Some tropes can be pretty broad in scope, enough to cover one or more Sub Tropes under them.
Let's say you have tropes for "Scarf Juggling" and "Knife Juggling". Just plain "Juggling" would be the Super Trope for both of them. The key point is that the definition of a sub trope must include the definition of the super trope, just with special qualifiers that make it distinct.
In logic terms, the Super Trope would be the genus, and the sub tropes the differentia.
Now even if the definition must be included, that doesn't necessarily mean every example must be. In most cases, every sub trope example would also count as an example of the super trope, but there are some exceptions due to the nature of some tropes. Pink Product Ploy includes the definition of Pink Means Feminine, but as an aspect to sell products, not to make the products fit the trope (so something considered masculine wouldn't be the super trope just because it's colored pink; its merely relying on the color association to appear feminine). Fortunately its always best to list sub trope examples on their sub trope pages instead of their supertrope onesnote , so you needn't worry about whether every example fits is super trope(s).
This is also important, as a Missing Supertrope can lead to people thinking a trope is broader than it is.
Do not confuse this with indexes. That is when listing when pages have common elements. Though not only can indexes have super and sub pages, a super trope can be an index if it has enough sub tropes.
Compare Sister Trope.
A Sample of Super Tropes And Their Sub Tropes
- Idiot Ball covers tropes like Hero Ball, Villain Ball, and Distress Ball. Conflict Ball isn't a Sub-Trope, but a Sister Trope.
- Chekhov's Gun covers quite a few tropes, as does its evil twin, Ass Pull, which covers tropes like Deus ex Machina (an Ass Pull to resolve the story).
- Bigger Is Better covers a... big collection of tropes.
- Trying to Catch Me Fighting Dirty covers a number of tropes that are both Combat Tropes (like TTCMFD itself) and not necessarily related to combat. One of those second tropes, We Need a Distraction, is a Super Trope with a number of subtropes of its own.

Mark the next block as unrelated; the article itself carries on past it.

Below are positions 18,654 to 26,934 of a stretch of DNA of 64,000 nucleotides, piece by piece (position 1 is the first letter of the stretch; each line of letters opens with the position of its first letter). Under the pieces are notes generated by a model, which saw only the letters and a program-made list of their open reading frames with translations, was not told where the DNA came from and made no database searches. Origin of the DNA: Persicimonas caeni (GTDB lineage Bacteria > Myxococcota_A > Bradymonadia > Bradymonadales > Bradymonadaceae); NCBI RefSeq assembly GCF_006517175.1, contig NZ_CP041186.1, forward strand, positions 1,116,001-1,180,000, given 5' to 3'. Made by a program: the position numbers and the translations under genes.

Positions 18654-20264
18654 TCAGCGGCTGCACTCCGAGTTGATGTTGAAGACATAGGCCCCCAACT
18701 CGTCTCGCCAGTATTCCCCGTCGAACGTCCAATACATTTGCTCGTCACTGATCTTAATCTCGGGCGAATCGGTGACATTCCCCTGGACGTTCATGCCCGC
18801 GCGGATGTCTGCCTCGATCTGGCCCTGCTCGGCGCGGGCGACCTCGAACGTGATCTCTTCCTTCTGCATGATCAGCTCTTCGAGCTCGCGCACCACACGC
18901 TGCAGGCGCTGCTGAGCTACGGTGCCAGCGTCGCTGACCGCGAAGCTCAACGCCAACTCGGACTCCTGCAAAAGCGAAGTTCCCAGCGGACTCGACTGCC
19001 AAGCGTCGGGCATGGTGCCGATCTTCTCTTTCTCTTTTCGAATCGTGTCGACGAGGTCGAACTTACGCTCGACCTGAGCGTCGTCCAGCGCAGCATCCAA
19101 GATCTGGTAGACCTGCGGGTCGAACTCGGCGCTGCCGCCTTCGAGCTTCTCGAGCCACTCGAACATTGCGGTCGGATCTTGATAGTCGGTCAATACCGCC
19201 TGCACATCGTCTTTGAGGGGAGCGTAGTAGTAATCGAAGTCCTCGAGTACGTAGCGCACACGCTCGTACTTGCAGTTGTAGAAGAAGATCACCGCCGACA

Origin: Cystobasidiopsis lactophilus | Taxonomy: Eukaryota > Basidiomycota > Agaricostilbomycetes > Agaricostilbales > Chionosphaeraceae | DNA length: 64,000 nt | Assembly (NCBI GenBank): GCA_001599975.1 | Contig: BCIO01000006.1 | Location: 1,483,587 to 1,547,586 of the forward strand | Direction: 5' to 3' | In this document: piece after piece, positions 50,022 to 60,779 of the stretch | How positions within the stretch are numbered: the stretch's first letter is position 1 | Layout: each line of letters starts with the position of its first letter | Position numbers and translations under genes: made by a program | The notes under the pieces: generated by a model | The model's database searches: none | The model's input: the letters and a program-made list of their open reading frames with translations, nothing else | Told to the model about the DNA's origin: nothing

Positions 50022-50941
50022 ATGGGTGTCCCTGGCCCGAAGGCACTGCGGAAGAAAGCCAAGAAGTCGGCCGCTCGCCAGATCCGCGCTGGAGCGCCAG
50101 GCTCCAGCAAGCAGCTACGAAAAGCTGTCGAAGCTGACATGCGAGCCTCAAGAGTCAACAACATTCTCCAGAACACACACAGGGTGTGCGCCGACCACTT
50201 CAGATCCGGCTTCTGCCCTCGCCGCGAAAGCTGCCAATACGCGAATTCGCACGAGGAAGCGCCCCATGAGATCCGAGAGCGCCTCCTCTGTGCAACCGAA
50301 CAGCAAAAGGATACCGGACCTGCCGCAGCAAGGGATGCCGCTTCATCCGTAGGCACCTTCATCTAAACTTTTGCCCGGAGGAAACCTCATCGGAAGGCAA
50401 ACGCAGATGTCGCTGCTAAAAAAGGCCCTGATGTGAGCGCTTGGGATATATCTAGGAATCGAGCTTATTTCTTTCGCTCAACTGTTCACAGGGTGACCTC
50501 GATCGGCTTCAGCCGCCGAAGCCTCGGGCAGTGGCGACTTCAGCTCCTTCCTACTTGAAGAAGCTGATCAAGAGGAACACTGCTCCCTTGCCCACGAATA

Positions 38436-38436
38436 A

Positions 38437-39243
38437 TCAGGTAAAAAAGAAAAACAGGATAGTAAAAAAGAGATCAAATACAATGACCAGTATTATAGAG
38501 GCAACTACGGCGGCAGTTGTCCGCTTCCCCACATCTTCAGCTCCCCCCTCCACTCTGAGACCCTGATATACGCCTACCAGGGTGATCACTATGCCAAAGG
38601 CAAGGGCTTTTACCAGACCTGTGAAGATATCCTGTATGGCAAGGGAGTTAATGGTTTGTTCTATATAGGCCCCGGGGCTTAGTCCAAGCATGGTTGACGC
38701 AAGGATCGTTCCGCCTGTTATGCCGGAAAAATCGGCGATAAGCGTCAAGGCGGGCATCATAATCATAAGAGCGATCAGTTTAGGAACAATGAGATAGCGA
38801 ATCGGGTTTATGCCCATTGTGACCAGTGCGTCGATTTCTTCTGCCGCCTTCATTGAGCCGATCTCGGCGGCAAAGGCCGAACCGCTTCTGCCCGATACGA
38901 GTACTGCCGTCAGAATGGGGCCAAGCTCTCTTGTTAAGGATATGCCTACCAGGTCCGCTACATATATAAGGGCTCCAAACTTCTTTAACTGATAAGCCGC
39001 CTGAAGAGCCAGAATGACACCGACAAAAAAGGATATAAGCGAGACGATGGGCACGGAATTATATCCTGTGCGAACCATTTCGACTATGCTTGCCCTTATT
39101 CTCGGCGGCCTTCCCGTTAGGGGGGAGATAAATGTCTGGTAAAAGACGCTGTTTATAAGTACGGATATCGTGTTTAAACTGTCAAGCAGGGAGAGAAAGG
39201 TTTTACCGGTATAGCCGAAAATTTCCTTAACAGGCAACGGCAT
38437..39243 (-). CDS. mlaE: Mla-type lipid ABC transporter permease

- Conflict is one of the most super of all tropes, given any story needs it in some form.
- Removing the Rival covers tropes like Murder the Hypotenuse and Crippling the Competition.
- Show, Don't Tell covers tropes such as Informed Attribute and That Makes Me Feel Angry.
- Shades of Conflict covers the various forms of morality vs. morality, from Black and White Morality to Grey and Gray Morality and everything in between.
- Many of the Rule of Index tropes are super tropes.
- Living a Double Life covers several tropes, notably Secret Identity, which in itself is a super trope.
- Pink Means Feminine covers tropes such as Pink Girl, Blue Boy and Princesses Prefer Pink.
- Ideal Hero covers pure-hearted heroes such as The Cape, Knight in Shining Armor, Captain Patriotic and All-Loving Hero.
- No-Harm Requirement covers Bring It Back Alive, I Want Them Alive, Thou Shall Not Kill, Sheathe Your Sword, and Can't Kill You, Still Need You
- Appropriate Animal Attire covers all the animal clothing tropes.
- Closer to Earth covers all tropes where minorities are there to inspire and prop up the White Male Lead, such as Magical Negro and Magical Asian.
- The Face covers all ensemble characters whose speciality is social skills whether its as The Chick, The Social Expert, The Heart or Team Parent.
- Death from Above covers everything people leaping into the air to attack someone in front of them, on up to artillery strikes and Orbital Bombardment. Orbital Bombardment itself covers Colony Drops and Kill Sats.
- Significant Wardrobe Shift is a Super Trope to Good Costume Switch, Evil Costume Switch, Important Haircut, Expository Hairstyle Change, Fanservice Pack, and Adrenaline Makeover.
- Eating the Enemy serves as a blanket for Cannibalism Superpower, Fed to the Beast, and You Are Who You Eat.